This collection of essays thrusts Brodsky--heretofore known more for his poetry and translations--into the forefront of the "Third Wave" of Russian emigre writers. His insights into the works of Dostoyevsky, Mandelstam, Platonov, as well as non-Russian poets Auden, Cavafy and Montale are brilliant. While the Western popularity of many other Third Wavers has been stunted by their inability to write in English, Brodsky consumed the language to attain a "closer proximity" to poets such as Auden. The book, which won a National Book Critics Circle Award, opens and closes with revealing autobiographical essay.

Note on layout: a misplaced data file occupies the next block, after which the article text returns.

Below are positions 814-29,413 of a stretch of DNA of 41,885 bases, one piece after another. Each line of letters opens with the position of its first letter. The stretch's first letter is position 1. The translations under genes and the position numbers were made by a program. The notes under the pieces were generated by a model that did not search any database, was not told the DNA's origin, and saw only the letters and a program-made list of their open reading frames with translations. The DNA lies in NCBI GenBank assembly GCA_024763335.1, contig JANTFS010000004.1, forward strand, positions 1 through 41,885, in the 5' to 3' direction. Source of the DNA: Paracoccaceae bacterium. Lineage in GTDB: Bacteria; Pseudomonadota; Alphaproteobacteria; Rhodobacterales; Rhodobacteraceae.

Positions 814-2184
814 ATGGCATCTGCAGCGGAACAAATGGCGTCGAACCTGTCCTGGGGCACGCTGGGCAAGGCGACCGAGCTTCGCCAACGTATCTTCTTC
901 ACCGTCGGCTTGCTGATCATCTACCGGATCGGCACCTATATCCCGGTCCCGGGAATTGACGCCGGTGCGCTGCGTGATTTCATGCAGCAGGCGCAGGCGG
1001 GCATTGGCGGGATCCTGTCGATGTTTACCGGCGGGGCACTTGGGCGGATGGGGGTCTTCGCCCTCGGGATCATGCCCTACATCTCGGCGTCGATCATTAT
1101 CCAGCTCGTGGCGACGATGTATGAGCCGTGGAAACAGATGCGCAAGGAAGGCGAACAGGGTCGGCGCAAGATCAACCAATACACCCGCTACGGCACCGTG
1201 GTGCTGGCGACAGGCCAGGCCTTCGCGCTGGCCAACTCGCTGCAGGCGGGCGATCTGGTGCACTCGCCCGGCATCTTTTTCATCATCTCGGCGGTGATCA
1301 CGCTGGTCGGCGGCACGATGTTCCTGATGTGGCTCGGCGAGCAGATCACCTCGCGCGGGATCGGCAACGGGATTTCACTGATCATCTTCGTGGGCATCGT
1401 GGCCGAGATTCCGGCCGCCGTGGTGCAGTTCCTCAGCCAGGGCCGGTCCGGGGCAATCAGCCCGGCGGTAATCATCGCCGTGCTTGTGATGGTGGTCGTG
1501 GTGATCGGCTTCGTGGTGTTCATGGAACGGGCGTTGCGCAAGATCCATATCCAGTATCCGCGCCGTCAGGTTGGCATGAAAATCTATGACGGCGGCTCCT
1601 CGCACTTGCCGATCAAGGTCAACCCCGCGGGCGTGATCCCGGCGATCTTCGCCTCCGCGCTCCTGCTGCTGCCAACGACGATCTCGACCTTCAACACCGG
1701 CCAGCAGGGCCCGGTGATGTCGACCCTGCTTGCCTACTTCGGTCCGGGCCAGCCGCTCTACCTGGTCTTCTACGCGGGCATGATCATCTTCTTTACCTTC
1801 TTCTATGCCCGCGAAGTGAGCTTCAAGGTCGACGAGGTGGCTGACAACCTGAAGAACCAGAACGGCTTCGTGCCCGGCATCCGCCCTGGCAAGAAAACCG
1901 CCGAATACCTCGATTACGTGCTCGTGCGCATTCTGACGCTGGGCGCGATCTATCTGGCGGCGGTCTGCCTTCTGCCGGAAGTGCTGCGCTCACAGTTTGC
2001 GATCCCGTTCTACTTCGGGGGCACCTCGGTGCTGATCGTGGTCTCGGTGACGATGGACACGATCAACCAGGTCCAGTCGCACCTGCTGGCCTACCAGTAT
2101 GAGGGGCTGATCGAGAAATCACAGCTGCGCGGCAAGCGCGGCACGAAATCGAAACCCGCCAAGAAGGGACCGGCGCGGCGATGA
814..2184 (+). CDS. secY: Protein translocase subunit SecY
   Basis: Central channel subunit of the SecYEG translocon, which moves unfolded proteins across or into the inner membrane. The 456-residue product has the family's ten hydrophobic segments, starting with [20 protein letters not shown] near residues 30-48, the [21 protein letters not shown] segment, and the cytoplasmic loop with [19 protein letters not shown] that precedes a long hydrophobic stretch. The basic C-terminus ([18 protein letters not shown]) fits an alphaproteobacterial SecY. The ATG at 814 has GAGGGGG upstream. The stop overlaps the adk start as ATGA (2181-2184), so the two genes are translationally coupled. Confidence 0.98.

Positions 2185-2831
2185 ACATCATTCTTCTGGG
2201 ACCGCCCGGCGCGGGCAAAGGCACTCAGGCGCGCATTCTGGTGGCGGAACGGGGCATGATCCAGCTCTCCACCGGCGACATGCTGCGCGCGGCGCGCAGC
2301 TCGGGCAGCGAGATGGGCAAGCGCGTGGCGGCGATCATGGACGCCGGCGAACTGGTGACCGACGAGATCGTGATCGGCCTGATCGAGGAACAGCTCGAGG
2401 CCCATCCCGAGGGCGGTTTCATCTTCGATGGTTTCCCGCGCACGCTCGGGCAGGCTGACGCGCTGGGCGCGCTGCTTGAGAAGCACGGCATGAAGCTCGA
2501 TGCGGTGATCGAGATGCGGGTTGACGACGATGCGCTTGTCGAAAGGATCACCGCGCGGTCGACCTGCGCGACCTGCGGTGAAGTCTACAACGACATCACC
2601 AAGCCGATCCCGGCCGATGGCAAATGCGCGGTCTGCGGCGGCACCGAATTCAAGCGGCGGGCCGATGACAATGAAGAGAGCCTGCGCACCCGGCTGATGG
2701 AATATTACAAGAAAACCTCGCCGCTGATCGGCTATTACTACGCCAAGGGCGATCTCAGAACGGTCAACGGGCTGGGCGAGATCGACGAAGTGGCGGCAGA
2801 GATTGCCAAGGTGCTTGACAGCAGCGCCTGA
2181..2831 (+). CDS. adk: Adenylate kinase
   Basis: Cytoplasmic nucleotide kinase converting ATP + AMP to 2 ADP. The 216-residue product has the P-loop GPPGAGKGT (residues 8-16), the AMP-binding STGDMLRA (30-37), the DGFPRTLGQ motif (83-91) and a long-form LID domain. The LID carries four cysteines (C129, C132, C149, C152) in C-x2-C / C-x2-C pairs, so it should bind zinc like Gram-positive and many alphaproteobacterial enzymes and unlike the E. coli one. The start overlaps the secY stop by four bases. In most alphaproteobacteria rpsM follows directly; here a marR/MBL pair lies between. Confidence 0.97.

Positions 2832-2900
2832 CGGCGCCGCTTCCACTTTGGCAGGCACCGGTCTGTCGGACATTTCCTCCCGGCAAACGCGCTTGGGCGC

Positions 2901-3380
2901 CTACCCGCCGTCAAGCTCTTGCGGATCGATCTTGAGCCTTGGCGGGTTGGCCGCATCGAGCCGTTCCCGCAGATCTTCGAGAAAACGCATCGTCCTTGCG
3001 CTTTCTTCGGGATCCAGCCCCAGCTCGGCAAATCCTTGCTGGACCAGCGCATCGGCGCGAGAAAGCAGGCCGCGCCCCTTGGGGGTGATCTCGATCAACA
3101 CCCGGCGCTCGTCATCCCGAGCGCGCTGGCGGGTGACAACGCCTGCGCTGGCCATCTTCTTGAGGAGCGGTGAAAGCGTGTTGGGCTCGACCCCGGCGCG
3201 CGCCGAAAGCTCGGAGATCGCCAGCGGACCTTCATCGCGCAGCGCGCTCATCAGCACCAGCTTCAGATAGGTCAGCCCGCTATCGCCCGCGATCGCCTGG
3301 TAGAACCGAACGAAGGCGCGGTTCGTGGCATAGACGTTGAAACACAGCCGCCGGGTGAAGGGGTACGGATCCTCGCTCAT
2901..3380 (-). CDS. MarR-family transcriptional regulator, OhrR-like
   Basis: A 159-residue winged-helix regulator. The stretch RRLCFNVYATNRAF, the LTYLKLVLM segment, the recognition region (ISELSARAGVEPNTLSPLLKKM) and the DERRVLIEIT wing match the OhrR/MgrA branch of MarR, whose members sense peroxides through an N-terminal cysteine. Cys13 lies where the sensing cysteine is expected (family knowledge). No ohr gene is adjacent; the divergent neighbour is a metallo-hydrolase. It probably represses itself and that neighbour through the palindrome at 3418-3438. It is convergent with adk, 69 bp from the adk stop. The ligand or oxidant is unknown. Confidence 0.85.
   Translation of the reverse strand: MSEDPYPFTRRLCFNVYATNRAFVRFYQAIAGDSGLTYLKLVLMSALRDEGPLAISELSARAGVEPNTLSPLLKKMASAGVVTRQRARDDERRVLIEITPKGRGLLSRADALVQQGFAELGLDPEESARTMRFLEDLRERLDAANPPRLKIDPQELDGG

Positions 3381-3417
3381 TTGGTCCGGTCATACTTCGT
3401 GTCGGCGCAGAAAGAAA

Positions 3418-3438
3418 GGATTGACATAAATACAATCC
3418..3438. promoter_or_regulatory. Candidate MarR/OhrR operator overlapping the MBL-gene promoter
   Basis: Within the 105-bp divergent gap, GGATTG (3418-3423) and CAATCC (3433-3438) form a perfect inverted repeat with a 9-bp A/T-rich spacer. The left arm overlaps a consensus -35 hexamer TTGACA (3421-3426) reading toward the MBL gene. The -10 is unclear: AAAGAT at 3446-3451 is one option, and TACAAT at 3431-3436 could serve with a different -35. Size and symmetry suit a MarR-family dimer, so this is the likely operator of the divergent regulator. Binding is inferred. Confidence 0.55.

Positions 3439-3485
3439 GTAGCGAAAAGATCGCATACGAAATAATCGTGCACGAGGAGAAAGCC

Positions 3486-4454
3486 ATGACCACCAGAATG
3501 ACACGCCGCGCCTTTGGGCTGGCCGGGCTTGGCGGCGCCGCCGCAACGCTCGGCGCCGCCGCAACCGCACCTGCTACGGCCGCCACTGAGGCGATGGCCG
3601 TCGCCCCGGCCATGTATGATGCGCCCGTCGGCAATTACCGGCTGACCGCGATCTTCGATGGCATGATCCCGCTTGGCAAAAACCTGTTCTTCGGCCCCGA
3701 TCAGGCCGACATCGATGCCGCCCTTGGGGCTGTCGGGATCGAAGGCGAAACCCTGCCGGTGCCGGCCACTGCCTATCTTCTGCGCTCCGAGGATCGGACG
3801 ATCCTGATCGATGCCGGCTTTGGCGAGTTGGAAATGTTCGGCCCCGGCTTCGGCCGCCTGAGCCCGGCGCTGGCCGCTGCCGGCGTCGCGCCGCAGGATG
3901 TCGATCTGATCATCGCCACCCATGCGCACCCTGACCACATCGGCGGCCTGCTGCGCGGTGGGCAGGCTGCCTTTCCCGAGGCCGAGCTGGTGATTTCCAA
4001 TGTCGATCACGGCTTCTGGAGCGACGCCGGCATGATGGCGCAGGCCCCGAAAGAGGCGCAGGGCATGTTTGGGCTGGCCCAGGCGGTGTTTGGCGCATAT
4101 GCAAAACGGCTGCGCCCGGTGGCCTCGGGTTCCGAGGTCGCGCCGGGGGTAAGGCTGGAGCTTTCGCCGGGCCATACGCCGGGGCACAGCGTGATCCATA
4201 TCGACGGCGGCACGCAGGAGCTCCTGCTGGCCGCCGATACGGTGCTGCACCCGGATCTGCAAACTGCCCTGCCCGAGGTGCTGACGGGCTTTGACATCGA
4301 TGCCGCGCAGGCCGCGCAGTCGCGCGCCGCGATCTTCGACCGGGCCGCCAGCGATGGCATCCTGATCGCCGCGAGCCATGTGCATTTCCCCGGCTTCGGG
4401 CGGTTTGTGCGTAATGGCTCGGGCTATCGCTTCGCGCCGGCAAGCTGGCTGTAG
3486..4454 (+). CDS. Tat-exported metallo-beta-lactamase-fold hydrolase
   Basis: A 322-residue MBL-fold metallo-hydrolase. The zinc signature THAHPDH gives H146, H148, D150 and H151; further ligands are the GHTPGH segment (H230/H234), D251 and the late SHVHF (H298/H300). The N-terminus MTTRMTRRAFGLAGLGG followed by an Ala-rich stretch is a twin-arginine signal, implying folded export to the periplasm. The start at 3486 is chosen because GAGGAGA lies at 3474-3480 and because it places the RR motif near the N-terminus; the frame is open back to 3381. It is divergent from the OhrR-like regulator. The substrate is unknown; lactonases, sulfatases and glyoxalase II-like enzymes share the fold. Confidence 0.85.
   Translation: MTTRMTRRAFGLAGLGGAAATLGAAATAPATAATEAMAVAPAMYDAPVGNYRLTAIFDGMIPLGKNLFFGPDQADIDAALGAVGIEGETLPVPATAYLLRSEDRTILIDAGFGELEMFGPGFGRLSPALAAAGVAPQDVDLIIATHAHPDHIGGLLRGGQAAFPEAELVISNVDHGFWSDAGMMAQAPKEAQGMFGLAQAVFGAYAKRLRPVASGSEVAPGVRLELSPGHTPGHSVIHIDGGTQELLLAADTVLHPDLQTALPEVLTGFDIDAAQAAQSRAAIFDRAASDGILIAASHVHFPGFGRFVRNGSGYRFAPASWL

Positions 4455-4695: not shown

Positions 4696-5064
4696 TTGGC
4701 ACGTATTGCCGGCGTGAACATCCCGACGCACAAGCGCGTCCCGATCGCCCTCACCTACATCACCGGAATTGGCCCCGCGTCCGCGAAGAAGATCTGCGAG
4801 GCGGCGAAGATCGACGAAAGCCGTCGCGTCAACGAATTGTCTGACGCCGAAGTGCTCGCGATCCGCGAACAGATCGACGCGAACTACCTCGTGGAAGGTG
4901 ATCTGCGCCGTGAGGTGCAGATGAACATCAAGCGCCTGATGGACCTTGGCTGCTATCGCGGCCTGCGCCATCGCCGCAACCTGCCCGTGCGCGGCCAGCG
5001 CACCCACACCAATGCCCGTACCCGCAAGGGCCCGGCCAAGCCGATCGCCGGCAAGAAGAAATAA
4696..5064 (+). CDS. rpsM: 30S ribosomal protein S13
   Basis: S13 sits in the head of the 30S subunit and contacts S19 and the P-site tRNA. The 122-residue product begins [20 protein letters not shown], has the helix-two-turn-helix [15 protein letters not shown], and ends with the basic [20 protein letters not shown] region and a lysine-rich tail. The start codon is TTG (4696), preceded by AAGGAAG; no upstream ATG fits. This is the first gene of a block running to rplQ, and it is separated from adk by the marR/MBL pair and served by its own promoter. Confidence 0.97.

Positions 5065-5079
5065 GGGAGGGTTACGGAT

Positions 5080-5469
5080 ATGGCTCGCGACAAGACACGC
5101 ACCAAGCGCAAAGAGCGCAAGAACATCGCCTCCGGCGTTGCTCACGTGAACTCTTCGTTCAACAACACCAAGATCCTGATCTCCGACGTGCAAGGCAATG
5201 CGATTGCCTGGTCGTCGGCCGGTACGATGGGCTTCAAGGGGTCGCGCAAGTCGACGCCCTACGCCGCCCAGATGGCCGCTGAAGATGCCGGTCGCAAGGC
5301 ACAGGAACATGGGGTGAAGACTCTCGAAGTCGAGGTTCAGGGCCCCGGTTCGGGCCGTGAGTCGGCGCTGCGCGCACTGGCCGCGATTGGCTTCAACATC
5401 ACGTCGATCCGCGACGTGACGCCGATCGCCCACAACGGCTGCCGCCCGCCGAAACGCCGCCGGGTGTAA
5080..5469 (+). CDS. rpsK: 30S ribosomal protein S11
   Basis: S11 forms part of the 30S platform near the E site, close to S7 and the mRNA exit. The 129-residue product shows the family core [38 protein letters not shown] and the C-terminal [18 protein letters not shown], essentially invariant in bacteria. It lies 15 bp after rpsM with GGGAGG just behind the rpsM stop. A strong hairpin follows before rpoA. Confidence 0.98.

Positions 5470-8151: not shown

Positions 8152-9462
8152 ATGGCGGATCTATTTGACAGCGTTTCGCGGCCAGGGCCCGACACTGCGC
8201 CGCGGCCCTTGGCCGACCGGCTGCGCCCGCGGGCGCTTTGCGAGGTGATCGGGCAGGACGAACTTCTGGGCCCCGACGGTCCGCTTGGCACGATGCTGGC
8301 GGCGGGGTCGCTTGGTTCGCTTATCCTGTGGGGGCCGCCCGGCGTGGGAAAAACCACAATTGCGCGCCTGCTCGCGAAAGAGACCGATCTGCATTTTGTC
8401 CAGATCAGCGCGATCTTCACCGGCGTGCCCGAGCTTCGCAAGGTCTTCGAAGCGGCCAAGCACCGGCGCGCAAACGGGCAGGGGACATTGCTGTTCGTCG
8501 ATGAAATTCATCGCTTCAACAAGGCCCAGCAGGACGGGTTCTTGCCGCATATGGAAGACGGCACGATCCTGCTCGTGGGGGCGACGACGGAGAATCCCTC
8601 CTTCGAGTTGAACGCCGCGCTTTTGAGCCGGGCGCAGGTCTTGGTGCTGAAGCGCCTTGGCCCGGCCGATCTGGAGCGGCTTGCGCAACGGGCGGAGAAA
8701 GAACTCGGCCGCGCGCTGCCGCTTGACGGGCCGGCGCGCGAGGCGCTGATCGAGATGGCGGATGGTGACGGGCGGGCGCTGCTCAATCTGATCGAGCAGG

About the Author
Joseph Brodsky (1940-1996) came to the United States in 1972, an involuntary exile from the Soviet Union. He received the Nobel Prize in Literature in 1987 and served as Poet Laureate of the United States in 1991 and 1992.
“[E]vinces a supple, witty mastery of the English language...[P]rovides deeply illuminating insights into the Russian literary tradition, political climate, and modern poetry and poetics.” —Library Journal